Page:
top of page

Dissolution of Marriage vs. Divorce: What’s the Difference?



Divorce and dissolution of marriage are so similar that many people don’t even know the difference—and that’s okay. Helpfully, anyone seeking to split from their spouse can meet with an Aiken, SC divorce lawyer to discuss what to file.


Generally, our clients can seek a no-fault divorce or allege a fault ground. The choice matters as you will have different obligations when filing your paperwork in court. Please contact Surasky Law Firm today if you have questions about how to end your marriage. We can walk you through your options and then identify concrete steps to take next.


What’s Dissolution of Marriage?

Some states call a no-fault divorce “dissolution of marriage.” Like divorce, you can end your marriage using the dissolution procedure. You will also need to determine certain key issues, like alimony, child custody, child support, and the division of your marital estate.


In South Carolina, the only way to seek a no-fault divorce is to live separately and apart from your spouse for one continuous year. You can’t move back in together after six months. If you do, then the clock must start over.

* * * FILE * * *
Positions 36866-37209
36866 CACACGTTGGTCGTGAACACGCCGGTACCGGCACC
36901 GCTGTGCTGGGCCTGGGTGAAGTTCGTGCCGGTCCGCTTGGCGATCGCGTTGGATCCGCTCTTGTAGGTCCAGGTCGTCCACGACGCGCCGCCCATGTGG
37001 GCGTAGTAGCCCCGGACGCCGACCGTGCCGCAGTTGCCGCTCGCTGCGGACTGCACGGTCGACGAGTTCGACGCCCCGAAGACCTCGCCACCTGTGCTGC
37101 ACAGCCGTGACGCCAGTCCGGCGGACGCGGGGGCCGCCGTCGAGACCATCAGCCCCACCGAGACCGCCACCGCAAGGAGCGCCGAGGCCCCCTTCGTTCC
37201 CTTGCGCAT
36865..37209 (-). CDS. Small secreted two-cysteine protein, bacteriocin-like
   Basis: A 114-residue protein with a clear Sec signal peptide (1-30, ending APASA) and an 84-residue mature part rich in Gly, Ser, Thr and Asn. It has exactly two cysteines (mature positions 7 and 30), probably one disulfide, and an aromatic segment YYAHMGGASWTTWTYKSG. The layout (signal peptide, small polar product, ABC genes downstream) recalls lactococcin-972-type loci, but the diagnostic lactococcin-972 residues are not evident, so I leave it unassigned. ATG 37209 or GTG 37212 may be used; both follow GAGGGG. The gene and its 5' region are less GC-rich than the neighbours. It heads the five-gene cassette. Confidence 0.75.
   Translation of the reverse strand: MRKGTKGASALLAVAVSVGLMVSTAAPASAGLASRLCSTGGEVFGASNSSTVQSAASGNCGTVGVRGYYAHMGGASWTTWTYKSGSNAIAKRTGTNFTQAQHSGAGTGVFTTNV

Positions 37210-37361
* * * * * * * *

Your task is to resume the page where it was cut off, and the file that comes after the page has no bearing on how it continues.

Living separate and apart is pretty much what it sounds like. You can’t live in the same house, so one spouse must move in with other family or friends or rent/buy a place. This is a hard requirement for couples whose finances are tight.


What Are the Grounds for Divorce?

South Carolina also provides four grounds for divorce:

· Desertion

· Adultery

· Habitual drunkenness/drug abuse

· Physical cruelty


If you allege one of these grounds, you need to come forward with evidence to prove it. A judge won’t grant a divorce without being convinced that the ground exists. For this reason, many couples simply pursue a no-fault option by living apart from each other for a year.


One advantage of a fault divorce is that you can request a final hearing within 90 days of filing for divorce. You do not have a long waiting period as you do with a no-fault divorce.


Contested versus Uncontested Divorce

Dissolution and divorce can be either contested or uncontested. This term—"contested divorce”—refers to whether you and your spouse agree on the following:

· The grounds for the divorce

· Child custody

· Child support

· Alimony

· Division of the marital estate (assets and debts)


If you do, then you have an uncontested divorce. If you disagree on even one item, then your divorce is contested.


Contested divorces can take a very long time to complete. A judge might appoint a guardian ad litem to represent your children’s interests, and you might have to undergo a home study and other evaluations. Financial disputes can take a long time if you suspect your spouse hides money or accounts. In our experience, contested divorces usually last over a year.


Some people erroneously assume that no-fault divorce is always uncontested. That’s wrong. Couples can still disagree on many issues. In fact, they might disagree on whether they have lived separately and apart for a year.